Technology from emerging markets: Why serendipity played a role in exports of Brazilian software

First published: 12 September 2019
 
Half a dozen of Brazilian IT companies have launched IPO's or follow‐up in American stock exchanges during 2018‐19. Further research will clarify the path they took, but for now they confirm the gist of this article: they also seem to have been mostly invited to venture abroad by people like the International Capital Director of the New York Stock Exchange (NYSE) who, “with a sharp focus on IT companies, of late often visits Brazil for companies interested in going public on Wall Street” (Guilherme, 2019).

Funding information: DFID/ESCOR

Abstract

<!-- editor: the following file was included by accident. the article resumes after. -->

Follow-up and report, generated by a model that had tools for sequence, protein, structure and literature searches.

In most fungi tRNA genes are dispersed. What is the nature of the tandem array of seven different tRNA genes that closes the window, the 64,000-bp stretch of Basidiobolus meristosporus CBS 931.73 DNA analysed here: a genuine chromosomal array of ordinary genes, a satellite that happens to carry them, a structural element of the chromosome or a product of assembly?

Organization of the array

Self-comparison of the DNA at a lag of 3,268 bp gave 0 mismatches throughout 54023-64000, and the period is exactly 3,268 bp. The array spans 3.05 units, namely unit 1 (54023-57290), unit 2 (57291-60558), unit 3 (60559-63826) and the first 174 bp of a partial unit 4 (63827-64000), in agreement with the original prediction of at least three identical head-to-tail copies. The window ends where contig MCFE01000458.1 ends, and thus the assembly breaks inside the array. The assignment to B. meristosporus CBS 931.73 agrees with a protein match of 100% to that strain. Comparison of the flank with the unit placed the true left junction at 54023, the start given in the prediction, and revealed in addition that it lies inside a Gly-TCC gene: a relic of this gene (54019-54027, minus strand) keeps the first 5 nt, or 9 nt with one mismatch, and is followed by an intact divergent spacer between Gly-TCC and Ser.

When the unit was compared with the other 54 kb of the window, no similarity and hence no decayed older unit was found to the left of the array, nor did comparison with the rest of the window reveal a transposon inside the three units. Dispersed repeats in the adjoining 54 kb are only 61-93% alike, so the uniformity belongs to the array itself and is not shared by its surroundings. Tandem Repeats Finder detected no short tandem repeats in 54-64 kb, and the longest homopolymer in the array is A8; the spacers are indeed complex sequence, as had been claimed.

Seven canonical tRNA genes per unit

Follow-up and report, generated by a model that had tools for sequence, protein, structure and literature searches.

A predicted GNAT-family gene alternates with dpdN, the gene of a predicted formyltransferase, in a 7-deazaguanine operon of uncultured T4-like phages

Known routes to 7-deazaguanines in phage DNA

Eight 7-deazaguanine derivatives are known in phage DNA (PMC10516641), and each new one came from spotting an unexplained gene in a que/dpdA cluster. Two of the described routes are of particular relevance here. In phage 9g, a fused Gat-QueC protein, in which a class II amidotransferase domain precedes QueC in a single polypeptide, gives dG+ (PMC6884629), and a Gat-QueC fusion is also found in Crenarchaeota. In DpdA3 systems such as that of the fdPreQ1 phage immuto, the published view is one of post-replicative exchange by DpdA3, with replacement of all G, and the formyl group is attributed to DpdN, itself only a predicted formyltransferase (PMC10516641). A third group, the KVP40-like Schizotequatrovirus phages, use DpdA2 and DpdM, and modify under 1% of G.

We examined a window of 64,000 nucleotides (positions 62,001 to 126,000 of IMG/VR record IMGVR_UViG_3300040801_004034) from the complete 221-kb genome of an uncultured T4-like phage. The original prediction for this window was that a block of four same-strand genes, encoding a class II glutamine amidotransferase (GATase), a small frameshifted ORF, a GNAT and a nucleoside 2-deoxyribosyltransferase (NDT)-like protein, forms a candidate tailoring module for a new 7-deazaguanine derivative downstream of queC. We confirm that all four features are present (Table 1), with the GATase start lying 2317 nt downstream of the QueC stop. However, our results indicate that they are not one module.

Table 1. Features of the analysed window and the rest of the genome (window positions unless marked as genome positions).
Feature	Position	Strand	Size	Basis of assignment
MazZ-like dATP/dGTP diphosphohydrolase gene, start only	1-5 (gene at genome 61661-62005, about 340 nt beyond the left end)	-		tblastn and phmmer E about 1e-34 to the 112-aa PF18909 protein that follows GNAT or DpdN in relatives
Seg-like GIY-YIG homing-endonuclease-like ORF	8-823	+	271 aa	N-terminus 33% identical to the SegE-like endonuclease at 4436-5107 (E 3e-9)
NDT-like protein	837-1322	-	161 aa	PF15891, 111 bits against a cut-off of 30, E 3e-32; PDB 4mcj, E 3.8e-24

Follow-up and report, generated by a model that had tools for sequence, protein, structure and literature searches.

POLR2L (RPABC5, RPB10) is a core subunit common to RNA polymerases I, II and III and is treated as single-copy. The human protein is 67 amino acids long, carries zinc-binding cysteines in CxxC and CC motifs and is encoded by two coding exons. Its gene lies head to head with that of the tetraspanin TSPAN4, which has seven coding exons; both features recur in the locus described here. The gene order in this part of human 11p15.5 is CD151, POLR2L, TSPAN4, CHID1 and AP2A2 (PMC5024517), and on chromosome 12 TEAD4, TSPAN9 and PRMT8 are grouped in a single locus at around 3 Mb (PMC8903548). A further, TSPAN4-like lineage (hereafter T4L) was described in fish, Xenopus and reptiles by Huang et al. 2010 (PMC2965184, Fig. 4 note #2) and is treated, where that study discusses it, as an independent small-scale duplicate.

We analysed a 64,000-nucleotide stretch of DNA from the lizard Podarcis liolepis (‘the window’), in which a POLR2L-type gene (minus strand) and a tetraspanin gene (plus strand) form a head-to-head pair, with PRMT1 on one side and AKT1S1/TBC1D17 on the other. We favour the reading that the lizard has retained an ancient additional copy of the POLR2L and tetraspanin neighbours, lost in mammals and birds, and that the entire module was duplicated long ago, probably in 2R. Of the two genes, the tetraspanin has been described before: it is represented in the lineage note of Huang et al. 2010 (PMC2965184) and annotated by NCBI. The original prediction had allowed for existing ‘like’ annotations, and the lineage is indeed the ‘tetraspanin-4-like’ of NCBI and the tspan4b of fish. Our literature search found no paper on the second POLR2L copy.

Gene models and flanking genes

Brazilian software exports still do not match a relatively high local prowess in the matter. The negative country of origin image for technology products may only emphasize a tendency to avoid international exposure among entrepreneurs. I suggest that lack of self‐esteem may play an important part in hindering Brazilian competitiveness and I point out to the roots of the negative portrayal of themselves, buying in to the negative image that gives place to the country of origin effect. Much of this interpretation may be relevant to other former colonies and are applicable to other creative industries. I draw on three cases in which Brazilian software companies awaited foreigners to invite them to export and I illustrate that a strong Brazilian reluctance to expose themselves abroad may be at play. I seek to explain the roots of that reluctance in a lack of worldliness as well as in an attitude that may have psychoanalytical foundations grounded in genesis of Brazil and in the way this development affected its institutions and the people's Weltanschauung. The policy implications are significant, as expecting Brazilians technology entrepreneurs to sell technology products at fairs, may be the wrong way to go. Instead, an export policy that allows for building partnerships capable of allowing for mitigating risks, building affective relationships, and better understanding of the other will require rebalancing policies, that is, less participation in fairs and more two‐way internships, policies which are likely to render more palpable results among Brazilians and possibly among other former colonial nations.